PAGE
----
Author: Veronica Roth
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“It must require bravery to be honest all the time.”
Divergent, written by the American author Veronica Roth is yet another Young-Adult genre book that has been getting a lot of buzz these days. The reason is its upcoming big screen adaptation that’s hitting the theatres in March 2014.
Set in a dystopian future, Divergent tells the story of a 16-year old girl named Tris (Beatrice Prior, initially). She lives in a compartmentalized society where people, according to their virtues, can chose to belong in either one of the five factions, Abnegation (the selfless), Candor (the honest), Dauntless (the brave), Erudite (the intelligent), and Amity (the peaceful). Tris’ parents belong to Abnegation, but she’s free to choose other factions now that she’s sixteen. She takes an aptitude test which is supposed to help her in choosing a particular faction. But the results turn out to be inconclusive, and she’s told by her examiner that she’s a Divergent, a misfit of sorts, who according to the diplomats, poses an unknown danger to the society, and thus has to be dealt with.
When the day of Choosing Ceremony arrives, Tris chooses Dauntless over other factions. Now that she belongs to Dauntless, her initiation process begins which involves jumping out of a moving train on a regular basis, fighting other bigger initiatives in training exercises, and going through a virtual simulation which makes its subjects confront their fears. Failing the initiation would mean that she has to live the rest of her life as a factionless (which is equivalent of poverty and homelessness in our world).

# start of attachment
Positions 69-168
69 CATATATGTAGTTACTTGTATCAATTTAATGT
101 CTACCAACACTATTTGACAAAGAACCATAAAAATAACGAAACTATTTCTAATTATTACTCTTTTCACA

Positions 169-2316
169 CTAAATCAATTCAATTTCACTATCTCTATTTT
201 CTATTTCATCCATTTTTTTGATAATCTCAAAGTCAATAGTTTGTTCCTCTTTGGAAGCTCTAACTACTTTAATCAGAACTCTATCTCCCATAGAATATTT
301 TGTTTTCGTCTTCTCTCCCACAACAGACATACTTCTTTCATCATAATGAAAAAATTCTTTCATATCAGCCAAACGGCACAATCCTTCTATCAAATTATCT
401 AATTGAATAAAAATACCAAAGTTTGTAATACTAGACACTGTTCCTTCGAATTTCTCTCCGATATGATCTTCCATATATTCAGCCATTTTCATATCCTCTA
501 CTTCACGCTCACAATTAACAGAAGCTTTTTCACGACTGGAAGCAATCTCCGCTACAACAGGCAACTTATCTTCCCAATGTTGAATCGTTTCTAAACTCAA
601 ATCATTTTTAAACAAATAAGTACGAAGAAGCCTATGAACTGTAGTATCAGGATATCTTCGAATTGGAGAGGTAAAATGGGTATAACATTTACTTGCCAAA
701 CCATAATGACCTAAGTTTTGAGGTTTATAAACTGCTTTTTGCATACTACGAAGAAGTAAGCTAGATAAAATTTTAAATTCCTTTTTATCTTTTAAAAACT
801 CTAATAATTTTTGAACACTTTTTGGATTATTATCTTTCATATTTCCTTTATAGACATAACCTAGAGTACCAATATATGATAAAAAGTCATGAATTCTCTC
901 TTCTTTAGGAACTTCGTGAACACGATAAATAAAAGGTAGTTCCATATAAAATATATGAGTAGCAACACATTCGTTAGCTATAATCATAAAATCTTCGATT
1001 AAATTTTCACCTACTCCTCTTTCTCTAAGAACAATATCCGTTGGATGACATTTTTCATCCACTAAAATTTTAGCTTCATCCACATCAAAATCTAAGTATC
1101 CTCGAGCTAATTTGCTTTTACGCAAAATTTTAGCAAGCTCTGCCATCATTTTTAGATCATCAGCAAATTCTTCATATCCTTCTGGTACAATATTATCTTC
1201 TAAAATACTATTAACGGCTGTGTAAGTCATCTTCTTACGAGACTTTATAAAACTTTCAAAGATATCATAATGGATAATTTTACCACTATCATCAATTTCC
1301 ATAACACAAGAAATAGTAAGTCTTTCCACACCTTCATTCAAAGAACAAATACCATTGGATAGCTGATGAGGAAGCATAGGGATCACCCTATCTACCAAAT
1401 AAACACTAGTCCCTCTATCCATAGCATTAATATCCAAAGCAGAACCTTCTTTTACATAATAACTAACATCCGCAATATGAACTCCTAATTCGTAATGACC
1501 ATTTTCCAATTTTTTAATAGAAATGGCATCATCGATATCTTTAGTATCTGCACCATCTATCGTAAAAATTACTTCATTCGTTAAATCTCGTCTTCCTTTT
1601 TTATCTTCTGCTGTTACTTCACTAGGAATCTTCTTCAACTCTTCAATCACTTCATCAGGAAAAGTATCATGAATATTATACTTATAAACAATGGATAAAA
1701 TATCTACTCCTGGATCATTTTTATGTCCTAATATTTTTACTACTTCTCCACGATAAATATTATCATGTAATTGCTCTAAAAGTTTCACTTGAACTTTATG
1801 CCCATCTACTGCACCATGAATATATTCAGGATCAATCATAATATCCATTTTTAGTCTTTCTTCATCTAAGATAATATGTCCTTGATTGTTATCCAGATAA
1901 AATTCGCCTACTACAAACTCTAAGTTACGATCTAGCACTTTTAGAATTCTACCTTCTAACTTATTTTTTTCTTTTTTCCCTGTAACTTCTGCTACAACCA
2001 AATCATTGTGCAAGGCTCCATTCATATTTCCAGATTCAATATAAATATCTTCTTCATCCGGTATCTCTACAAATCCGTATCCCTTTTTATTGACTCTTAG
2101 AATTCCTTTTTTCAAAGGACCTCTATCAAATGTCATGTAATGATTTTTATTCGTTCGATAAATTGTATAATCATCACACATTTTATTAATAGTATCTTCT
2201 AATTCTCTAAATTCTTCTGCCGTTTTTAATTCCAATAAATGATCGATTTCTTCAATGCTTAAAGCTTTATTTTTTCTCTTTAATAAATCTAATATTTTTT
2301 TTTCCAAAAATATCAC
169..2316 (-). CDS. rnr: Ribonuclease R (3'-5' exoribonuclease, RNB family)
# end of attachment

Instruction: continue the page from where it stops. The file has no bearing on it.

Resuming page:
Starting with the world of the book; it’s not very unique or surprising per se, but I understood most of the reasons the author provides for the compartmentalization of the society. While I liked the concepts and the out-of-the-world nature of it, it also seemed plain silly at times. The story is not very character driven, but it captures the anxiety, the angst, and the alienation of a teenager who has to leave her family behind, now that she’s becoming an adult. Apart from Tris, most of the other characters strike as very generic, who are only there to fill out the pages, and provide nothing much else to the story.
The narration is as simple as you’d expect in a Young-Adult book. At times, it almost feels like the author is deliberately trying not to go into specifics of some of the plot details, and hence making the narrative abstract. The whole initiation phase of Tris is surprisingly brutal and violent (is it just me or is every other YA book about kids fighting kids these days?). Simply put, the story is neither emotionally engrossing, nor a thrill seeking venture.
I might be sounding a bit harsher than I intend to. But that may be because I’d read some pretty great books in recent weeks, and I’m not the admirer of YA genre that I once was (yes, I was a Twilight fan once, guilty as charged). But fans of The Hunger Games series will find Divergent a convenient read, along with people who are looking for a simple and entertaining weekend read.
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